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The Philosophy Of Freedom


"The purpose of The Philosophy Of Freedom is to lay the foundations of ethical individualism and of a social and political life." Rudolf Steiner

"I am free only when I produce these ideas myself, not when I merely carry out the ideas that another has implanted in me." TPOF 12.11


Ethical Individualism

3. Thinking As A Means Of Forming A View Of The World

Revised 10/17/17

3. Thinking As A Means Of Forming A View Of The World

Compare Thinking with Observation

"Observation and thinking are the two points of departure for all human spiritual striving, insofar as one is consciously striving. Everyday common sense as well as the most complicated scientific research, rest on these two fundamental pillars of our mind." TPOF 3.0

Spectator Watches
Observation: As a spectator, I remain completely without influence over the course of an observed event. The event takes place independent of me. As long as I remain a mere spectator, I cannot tell in advance what will happen. I must wait to see what will happen, and can only follow it with my eyes.

Thinker Predicts
Thinking: The situation is different when I begin to reflect on my observation. The purpose of my reflection is to establish concepts of the event. The conceptual process depends on me. It requires my active involvement for it to take place. After I discover the concepts that correspond to the event, I can predict what will happen.

Observation And Thinking
Forming A View: Thought plays the leading role in forming a view of events.
Observation and thinking are the two points of departure for all human spiritual striving, insofar as one is consciously striving. Everyday common sense as well as the most complicated scientific research, rest on these two fundamental pillars of our mind: observation and thinking. Whatever principle we wish to establish, we must either prove we have observed it somewhere, or we must express it in the form of clear thought that can be rethought by others.

STEP #49 (3.1)
Compare Everyday State with Exceptional State

Everyday State (observation of world object)
Observation: The observation of a table or a tree occurs as soon as these objects enter the horizon of my experience. Yet I do not, at the same time, observe my thought about these things. I observe the table, and I carry on a process of thought about the table, but I do not at the same moment observe this thought-process.
Involuntary Thought-Chain
Free flowing thought-chains are involuntary memories and associations that may fill the mind in everyday life. They are not sought or consciously directed.


Exceptional State (observation of thought)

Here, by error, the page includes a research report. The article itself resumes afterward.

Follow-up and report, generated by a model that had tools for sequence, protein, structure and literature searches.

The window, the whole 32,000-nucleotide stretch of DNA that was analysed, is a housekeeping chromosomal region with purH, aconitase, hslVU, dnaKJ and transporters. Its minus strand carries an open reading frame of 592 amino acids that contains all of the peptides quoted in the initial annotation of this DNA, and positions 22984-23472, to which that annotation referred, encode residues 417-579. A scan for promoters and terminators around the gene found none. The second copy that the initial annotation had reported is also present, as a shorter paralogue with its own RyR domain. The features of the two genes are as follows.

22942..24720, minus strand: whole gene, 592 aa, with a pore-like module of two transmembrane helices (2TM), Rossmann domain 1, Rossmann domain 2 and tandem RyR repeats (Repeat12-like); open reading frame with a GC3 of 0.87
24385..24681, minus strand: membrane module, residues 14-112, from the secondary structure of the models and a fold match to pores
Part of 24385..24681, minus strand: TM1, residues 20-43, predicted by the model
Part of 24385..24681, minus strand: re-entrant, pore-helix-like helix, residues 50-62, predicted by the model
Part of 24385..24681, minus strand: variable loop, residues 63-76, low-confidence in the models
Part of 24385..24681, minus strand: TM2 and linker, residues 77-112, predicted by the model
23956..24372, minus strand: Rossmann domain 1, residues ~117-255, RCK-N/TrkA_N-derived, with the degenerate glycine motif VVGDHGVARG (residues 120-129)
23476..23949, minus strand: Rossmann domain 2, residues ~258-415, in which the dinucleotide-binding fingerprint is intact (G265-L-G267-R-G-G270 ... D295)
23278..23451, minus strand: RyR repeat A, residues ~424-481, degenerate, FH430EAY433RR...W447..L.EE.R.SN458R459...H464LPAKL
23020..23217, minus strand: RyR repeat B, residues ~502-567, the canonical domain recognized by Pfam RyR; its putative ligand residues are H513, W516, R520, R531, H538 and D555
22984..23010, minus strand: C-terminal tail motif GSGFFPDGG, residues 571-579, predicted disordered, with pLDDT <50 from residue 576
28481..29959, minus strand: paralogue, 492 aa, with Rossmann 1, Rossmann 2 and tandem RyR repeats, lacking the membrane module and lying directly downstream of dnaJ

Thinking: While the observation of things and events, and thinking about them, is the everyday state that occupies my normal life, the observation of the thoughts themselves require entering an exceptional state..

Same Method Used To Study World And Thought
Forming A View: When observing our thought-process, we must be sure to apply the same method we use to study any other object in the world. But in the normal course of our study of other things, we do not usually reflect upon our thought-processes as well.

STEP #50 (3.2)
Compare Passive Feeling with Active Thinking

Passive Feeling
Observation: While observing an object, such as a rose, a feeling of pleasure is kindled. We remain passive as the feeling just happens to us. A feeling of pleasure is given in the same way as the observed event. When I know the feeling an event arouses in me, I learn about my personality.

Active Thinking
Thinking: To form thoughts about the table, I must be active. I am definitely aware that forming concepts requires my activity. Concepts and ideas are brought forth by our attentive thinking effort. By knowing the concepts that correspond to an event I learn about the event.
Involuntary Thought-Chain
Free flowing thought-chains are involuntary memories and associations that may fill the mind in everyday life. They are not sought or consciously directed. This is not thinking.

Learn About Event, Not Myself
Forming A View: When I am reflecting on an event, I am not concerned with how it affects me. I learn nothing about myself by knowing the concepts that correspond to an event. But I learn a great deal about my personality when I know the feeling that an event arouses in me.

STEP #51 (3.3)
Compare Personal Reaction with Selfless Observation

Personal Reaction To Event